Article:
• Small outbuildings (may be well house)
  • Circular ring in cement or patch in the floor
  • Basement offset (small room off of basement)
  • Patch in step or concrete (access for well below)
  • Pit in yard or basement
  • Manhole cover
  • Crock, brick or stone structures
  • Hand pump, hydrant, or faucet in yard
  • Waterline or patched hole through basement floor or wall
  • Water system components (pressure tank, pump, control box)
  • Damp circular depression in yard
  • Additions, false walls, access panels which may "hide" well
  • Old building sites recognizable by an old foundation
  • Ornamental shrubs, flowers, or trees outlining old, home or farm sites
  • Water Well Record or Water Well Plugging Record at local health department or EGLE
  • Water well or sewage disposal permits at local health department
  • City, township or county officials - zoning or building permits
  • Municipal water department - records on water line extensions to homes previously served by water wells
  • Old photographs of the property
  • Aerial photographs of the property (showing windmills, well houses)
  • County plat book, soils map, or topo map showing locations of buildings, roads
  • Owner's records (bills, deed easements) or information written on pressure tank, control box, etc.
  • Metal detector
  • Tape measure or "snake" to follow pipes
  • Digging equipment including shovels, hammers, chisels, backhoe
  • Magnetometer or electro-magnetic anomaly detectors (these are available through groundwater consultants)

Abandoned well frequently asked questions

  • A simple look around may help identify an abandoned well. A pipe sticking up out of the ground, a concrete slab or manhole cover, a ring of rocks or bricks, a hand pump or hydrant, a windmill, or an old shed may indicate the presence of an abandoned well. Some abandoned wells are difficult to find. They may be hidden among weeds or brush or may be buried below grade. A depression in the ground or a spot in the yard that is continually wet may provide clues to where an old well may be located.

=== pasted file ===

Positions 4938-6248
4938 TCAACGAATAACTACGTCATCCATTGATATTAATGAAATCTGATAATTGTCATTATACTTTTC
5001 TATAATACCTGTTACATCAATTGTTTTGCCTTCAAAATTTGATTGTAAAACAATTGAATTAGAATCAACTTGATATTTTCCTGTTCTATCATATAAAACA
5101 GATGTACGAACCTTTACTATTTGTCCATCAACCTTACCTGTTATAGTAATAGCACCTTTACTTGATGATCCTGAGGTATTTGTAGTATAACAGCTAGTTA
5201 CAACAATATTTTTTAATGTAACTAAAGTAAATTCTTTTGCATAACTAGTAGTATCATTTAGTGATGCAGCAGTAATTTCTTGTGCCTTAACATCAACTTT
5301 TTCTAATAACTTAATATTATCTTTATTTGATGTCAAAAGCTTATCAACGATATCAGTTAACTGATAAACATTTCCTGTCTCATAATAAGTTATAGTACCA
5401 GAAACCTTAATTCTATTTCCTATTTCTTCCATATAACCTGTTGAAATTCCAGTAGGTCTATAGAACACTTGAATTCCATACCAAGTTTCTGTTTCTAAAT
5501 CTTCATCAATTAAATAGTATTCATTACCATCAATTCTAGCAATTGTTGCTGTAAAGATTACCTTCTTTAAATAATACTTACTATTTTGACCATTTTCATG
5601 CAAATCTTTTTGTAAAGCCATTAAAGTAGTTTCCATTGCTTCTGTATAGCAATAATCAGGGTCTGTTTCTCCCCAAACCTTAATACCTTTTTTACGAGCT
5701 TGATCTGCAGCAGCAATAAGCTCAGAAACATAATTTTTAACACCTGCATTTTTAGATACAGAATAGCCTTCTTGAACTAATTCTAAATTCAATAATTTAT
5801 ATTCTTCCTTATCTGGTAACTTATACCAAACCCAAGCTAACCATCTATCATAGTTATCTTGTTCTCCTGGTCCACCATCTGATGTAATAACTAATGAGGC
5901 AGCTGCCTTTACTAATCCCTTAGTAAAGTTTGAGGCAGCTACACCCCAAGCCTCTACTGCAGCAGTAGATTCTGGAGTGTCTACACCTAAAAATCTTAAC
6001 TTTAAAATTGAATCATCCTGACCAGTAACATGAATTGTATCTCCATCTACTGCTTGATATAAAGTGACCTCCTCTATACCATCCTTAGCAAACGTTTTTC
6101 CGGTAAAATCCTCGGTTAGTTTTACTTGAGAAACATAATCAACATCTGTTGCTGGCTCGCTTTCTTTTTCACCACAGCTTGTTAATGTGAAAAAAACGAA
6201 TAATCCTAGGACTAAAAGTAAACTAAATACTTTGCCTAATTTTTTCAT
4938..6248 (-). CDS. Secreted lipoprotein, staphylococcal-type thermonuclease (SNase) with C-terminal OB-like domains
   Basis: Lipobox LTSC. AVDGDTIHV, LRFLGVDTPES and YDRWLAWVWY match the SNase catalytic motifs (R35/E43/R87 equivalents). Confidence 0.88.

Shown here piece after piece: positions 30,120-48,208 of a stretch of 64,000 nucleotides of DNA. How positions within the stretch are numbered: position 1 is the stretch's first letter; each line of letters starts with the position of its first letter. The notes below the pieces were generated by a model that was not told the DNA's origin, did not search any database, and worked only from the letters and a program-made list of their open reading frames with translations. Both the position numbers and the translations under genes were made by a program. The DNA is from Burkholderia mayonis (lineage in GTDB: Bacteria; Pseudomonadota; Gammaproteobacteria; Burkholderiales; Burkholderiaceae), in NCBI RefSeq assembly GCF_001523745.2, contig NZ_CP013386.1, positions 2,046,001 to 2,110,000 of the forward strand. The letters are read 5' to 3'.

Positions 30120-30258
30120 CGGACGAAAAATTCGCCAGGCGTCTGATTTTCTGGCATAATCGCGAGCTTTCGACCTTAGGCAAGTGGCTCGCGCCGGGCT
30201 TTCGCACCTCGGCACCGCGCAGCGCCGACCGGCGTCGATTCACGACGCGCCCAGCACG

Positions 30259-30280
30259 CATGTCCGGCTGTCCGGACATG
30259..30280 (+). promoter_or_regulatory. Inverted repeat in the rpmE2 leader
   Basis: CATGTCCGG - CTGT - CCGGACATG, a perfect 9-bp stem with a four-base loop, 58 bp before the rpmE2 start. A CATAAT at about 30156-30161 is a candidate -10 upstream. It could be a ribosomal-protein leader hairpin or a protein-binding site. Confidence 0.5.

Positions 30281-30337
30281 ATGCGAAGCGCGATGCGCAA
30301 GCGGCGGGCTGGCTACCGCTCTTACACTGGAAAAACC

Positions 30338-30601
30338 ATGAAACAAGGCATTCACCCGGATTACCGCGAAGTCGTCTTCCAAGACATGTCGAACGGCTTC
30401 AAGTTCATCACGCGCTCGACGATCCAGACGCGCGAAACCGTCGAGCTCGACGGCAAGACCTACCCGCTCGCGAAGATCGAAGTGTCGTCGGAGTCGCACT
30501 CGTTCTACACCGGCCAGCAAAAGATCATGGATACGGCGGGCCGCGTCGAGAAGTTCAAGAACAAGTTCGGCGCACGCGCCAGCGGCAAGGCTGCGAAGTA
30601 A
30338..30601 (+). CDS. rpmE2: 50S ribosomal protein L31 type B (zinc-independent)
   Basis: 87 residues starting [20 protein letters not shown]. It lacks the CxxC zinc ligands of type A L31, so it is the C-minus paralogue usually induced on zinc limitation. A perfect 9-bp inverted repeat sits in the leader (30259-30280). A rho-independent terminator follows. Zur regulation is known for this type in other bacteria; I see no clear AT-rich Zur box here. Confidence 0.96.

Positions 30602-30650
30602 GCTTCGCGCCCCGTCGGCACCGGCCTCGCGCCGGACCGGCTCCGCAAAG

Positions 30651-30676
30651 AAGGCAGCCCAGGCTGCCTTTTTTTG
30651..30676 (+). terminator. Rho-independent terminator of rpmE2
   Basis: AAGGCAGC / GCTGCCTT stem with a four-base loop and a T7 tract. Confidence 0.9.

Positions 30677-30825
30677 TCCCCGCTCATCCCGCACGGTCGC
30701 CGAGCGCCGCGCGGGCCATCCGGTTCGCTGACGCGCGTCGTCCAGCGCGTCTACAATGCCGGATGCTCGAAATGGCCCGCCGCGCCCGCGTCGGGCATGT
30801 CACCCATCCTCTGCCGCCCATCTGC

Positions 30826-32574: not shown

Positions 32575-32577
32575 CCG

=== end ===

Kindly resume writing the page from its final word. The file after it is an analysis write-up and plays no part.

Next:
• You can contact your local health department, a registered well drilling contractor, your county soil conservation district, or the Michigan Department of Environment, Great Lakes, and Energy at 517-599-6257.

  • Costs vary depending upon the well depth, diameter, location, and other factors. A shallow driven well may be plugged for as little as $50. The average cost for plugging a well in Michigan is $500. Your costs may be reduced by having your old well plugged at the time the replacement well is drilled or at the time you connect to municipal water service.

  • Locate where the old water line exits the home or building. You can use either a metal detector to follow the line out or dig down and follow it to the well. Usually, older buried well casings are located 4 to 5 feet below grade, within 25 feet of the home. Neighbors or senior citizens who have lived in the area for a long time often know where old wells are located.

  • If the existing well is being used and functions properly, it is not required to be plugged at the time a replacement well is installed. However, if the existing well is not going to be used or if it is not operational and the owner does not intend to repair it, then the well must be properly plugged. If a well is going to be used in the future, but is temporarily taken out of service at the time a replacement well is installed, it must be securely sealed and must comply with all current isolation and construction requirements.

  • The well owner is responsible to plug the well or to arrange for a registered well drilling contractor to do so.

  • Well type and site geology determine the material requirements for plugging abandoned water wells. For example, flowing wells and wells that terminate in bedrock are required to be plugged with cement grout. Shallow, small diameter wells may be effectively plugged with bentonite chips. It is important to understand material requirements and plugging techniques before beginning a well plugging project.

  • Current regulations state that only the well owner or a registered well drilling contractor may plug a well. In addition, the well owner can plug the well only if it serves his/her residence. A registered well drilling contractor (or his/her employee) may plug a well at a residence, farm, industry, business, or other public water supply. It is recommended that well owners hire drilling contractors to plug their abandoned wells.  Contractors have the knowledge, experience, and equipment necessary to properly plug wells. 

  • If drop-pipes, pumps, packers, drawdown seals, or other similar obstructions are  left in the well, it will be much more difficult for the plugging material to reach the bottom of the well. Obstructions tend to cause "bridging" of the plugging material inside of the casing, resulting in an uneven or ineffective seal. Most well owners do not have the training or equipment to remove obstructions. We recommend that a registered well drilling contractor be contacted to do this type of work.